When the daily briefing with the governor was done, St. Paul Mayor Melvin Carter jumped in the car, pulled off his cloth face mask and looked into his camera phone. The former vice president was waiting.
Joe Biden, the presumptive Democratic presidential nominee, had brought four mayors together to discuss the aftermath of George Floyd's death at the hands of a Minneapolis police officer. As Carter appeared on the video call alongside his counterparts in Atlanta, Chicago and Los Angeles, Biden brought up the idea of creating a police force that personally knows the community it serves. He wondered aloud if such a scenario is a pipe dream.
"No, that's not a pipe dream at all," Carter responded. "One of the things that we're finding is our residents are very willing, if there's an avenue, to speak up and protest peacefully. What they're not willing to do is return to quiet."
In the days since protests erupted around the world in response to Floyd's death, Carter has kept up a constant conversation with other elected officials and the public about what's happening in the Twin Cities and what happens next, including in his own Police Department. In addition to conversations with Biden and mayors across the country, Carter has made numerous national media appearances.
Black mayors across the country are getting similar requests, said McKinley Price, mayor of Newport News, Va., and president of the African American Mayors Association, of which Carter is a member. Like Carter, Price said the conversations are exhausting, but necessary.
"It is, I think, paramount that we take advantage of where people are in their mind-set, because I think everybody thinks it's now time to do something," Price said.
By necessity, the conversation in St. Paul is not just about what happened in Minneapolis. Though public safety reform has been a focal point during Carter's time in office, local activists — and some who served in his administration — have criticized his police accountability record. Unlike Minneapolis Mayor Jacob Frey, however, Carter hasn't come under the same pressure to dismantle or defund the Police Department.
Minneapolis City Council Vice President Andrea Jenkins, who represents the ward where Floyd was killed and is among the council members who've pledged to "begin the process of ending the Minneapolis Police Department," said in an interview that she hopes his death will spur change in St. Paul.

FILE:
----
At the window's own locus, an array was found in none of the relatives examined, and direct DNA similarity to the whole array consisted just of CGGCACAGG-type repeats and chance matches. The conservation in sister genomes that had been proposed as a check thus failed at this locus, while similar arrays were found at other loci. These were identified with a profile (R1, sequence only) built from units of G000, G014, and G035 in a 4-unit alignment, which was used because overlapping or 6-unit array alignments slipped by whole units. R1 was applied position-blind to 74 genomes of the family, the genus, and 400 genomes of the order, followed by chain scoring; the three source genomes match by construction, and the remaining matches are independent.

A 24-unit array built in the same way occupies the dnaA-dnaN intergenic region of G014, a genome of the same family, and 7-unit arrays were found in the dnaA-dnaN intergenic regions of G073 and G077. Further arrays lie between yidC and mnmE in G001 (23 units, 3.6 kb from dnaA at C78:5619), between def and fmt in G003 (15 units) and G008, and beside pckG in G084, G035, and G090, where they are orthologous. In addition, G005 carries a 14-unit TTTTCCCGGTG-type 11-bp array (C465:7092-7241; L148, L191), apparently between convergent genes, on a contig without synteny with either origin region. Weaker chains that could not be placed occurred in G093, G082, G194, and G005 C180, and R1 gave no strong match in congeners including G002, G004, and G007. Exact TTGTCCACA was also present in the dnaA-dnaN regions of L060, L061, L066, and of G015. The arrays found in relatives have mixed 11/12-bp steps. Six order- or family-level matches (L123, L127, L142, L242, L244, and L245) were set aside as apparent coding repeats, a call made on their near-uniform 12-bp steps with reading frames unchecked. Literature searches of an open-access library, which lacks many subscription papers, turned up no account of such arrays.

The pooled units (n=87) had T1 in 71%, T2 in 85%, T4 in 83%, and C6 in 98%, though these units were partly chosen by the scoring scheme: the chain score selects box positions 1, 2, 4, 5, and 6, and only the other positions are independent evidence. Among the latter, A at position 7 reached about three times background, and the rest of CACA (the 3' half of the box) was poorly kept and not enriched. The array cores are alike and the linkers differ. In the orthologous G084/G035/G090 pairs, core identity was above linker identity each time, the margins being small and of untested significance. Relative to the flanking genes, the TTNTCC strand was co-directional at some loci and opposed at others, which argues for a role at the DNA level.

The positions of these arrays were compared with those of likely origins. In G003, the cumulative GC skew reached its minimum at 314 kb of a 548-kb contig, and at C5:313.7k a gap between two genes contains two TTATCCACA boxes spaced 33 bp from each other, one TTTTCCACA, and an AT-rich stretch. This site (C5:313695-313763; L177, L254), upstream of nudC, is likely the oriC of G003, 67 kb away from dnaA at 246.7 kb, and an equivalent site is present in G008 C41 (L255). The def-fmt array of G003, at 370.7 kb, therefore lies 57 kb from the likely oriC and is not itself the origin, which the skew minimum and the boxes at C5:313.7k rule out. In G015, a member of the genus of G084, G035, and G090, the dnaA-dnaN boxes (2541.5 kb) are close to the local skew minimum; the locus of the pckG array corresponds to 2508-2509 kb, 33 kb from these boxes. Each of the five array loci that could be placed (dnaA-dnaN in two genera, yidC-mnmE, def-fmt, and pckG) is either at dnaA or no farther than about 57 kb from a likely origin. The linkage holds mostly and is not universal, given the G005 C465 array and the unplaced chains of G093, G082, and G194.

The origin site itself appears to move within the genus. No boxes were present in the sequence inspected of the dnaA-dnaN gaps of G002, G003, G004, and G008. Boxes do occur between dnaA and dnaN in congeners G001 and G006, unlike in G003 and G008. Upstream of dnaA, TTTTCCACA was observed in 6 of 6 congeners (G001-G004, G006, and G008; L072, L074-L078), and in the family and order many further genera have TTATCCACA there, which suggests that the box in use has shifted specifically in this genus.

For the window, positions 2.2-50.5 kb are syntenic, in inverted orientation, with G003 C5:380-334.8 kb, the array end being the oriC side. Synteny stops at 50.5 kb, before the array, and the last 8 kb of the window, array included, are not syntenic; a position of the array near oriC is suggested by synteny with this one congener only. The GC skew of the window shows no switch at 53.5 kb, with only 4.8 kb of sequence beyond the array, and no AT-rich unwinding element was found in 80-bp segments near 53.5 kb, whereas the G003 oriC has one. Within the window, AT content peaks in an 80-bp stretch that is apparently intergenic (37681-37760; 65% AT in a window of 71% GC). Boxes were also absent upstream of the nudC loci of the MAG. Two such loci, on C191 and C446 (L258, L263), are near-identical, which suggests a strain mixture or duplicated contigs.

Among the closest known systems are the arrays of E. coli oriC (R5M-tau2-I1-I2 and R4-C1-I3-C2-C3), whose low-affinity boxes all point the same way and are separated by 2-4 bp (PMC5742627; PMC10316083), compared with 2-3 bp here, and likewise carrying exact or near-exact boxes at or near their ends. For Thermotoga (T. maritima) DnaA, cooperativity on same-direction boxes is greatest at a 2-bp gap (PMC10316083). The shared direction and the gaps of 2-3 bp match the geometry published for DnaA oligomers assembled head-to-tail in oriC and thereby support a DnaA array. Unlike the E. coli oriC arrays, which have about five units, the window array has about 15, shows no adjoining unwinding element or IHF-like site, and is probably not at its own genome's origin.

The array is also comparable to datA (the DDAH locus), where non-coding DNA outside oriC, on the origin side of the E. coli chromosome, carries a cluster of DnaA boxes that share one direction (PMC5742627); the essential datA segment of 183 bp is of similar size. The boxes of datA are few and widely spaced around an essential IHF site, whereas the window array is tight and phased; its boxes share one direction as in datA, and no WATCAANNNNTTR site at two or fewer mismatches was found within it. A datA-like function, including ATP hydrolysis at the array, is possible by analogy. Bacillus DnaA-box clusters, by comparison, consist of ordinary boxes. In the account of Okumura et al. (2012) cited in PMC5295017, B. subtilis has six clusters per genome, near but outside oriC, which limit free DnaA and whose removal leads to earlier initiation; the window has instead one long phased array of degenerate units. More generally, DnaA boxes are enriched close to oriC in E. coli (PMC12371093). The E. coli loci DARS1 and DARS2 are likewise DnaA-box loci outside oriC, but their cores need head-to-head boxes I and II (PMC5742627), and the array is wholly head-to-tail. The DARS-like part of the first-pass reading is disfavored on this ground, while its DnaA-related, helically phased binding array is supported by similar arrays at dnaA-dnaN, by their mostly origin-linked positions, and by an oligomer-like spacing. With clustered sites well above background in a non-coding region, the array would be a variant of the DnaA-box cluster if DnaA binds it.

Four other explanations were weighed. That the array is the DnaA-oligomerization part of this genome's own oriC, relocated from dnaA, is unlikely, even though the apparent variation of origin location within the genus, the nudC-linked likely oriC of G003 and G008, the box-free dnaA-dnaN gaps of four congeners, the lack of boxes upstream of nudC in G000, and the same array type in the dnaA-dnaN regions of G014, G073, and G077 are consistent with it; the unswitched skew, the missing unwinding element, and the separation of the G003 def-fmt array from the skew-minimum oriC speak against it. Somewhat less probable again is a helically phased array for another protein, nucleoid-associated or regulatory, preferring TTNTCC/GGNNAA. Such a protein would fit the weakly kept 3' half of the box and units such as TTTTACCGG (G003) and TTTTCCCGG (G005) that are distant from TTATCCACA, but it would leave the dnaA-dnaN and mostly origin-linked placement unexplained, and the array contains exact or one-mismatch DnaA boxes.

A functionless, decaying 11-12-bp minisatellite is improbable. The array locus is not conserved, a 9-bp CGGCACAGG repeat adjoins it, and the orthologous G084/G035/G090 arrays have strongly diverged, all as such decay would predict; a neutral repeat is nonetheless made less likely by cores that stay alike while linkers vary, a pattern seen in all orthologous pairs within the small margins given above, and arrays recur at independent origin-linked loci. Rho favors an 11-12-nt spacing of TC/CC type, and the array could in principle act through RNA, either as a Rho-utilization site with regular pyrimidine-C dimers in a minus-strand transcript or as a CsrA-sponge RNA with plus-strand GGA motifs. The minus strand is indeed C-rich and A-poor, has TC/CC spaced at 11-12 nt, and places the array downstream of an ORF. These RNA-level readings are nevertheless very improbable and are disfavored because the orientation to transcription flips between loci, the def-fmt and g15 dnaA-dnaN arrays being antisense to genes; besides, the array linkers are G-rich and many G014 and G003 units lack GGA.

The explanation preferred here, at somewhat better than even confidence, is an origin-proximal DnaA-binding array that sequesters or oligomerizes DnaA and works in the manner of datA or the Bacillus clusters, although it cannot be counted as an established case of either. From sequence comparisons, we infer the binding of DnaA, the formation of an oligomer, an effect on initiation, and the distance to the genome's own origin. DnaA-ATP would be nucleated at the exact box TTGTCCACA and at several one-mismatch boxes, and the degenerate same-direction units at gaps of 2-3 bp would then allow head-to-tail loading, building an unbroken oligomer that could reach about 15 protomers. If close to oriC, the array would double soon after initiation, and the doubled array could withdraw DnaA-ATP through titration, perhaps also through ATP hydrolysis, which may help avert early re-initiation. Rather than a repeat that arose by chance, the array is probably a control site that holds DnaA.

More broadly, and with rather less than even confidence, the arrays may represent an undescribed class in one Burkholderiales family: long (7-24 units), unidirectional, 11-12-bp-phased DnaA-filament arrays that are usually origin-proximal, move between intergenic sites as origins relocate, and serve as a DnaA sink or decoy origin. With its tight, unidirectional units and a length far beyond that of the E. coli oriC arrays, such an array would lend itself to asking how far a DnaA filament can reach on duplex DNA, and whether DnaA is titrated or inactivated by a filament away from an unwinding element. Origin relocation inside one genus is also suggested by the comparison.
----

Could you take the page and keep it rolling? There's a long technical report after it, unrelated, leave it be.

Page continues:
"There is no institution in Minneapolis or St. Paul that is not a racist institution," she said. "Let me be real clear: Everybody needs to clean up their house."
Carter has not said explicitly whether he supports cutting the Police Department budget or eliminating the force. Instead, he has pointed to the work his administration has already done to change when and how officers use force and direct more money toward community-based alternatives to traditional policing.
"We cannot continue with a public safety framework in America that's centered around fear-based rhetoric," Carter said.
The son of a retired St. Paul police officer, Carter ran for mayor in 2017 on a platform that included public safety reform. The city DFL convention that year happened the day after the acquittal of Jeronimo Yanez, the officer who shot and killed Philando Castile in a suburb north of St. Paul.
Since Carter took office in 2018, the Police Department has updated its use of force policy, launched a mental health unit and limited the use of K-9s. Last year, the City Council passed a $1.7 million public safety budget focused on community initiatives rather than hiring more cops, though investments have been slow to unfold, in part because of the COVID-19 pandemic.
The city has also lost two top staffers focused on police accountability — including one who reached a $250,000 settlement after filing a complaint with the state Human Rights Department — and has struggled to make its police civilian review board effective. A year ago, five officers were fired for failing to intervene the previous summer when a former officer beat another man with a baton.
Carter said St. Paul leaders have committed "pretty steadfastly" to public safety reform in the past few years. He also said there's more to be done — in state law, in the legal system and in police union contracts "that make it so difficult to hold officers accountable when they fall below the standard that we've set."
Carter and Police Chief Todd Axtell have presented a united front, appearing together to announce curfews and address the destruction that ravaged St. Paul as some protests turned violent. The chief, too, has been called on to provide reaction and analysis for a national audience.
"Now's our moment to move forward together; use this tragedy as an opportunity to do what's been needed to be done for many, many years," he told CNN on June 3.
Axtell has already convened his leadership team, with Carter's support, to clarify the department's use-of-force policy, said spokesman Steve Linders.
Council members say they're hearing from constituents and activists who want St. Paul to defund or dismantle its Police Department and plan to meet with police leaders June 25 to discuss next steps. While most say they want to build on investments they've already made in community-based alternatives to policing, Council Members Mitra Jalali and Nelsie Yang said they support abolishing the Police Department altogether — though Jalali emphasized that won't happen overnight.
For Carter, the first black mayor in a city where only 16% of residents are black, there will be challenges that his counterparts in historically black cities do not face, said Duchess Harris, an American studies professor at Macalester College.
"The important thing for people to note is what it means when a black mayor has leadership in what is essentially a white city," she said. "That's what St. Paul has to come to terms with. Can they listen to this black man?"
Emma Nelson • 612-673-4509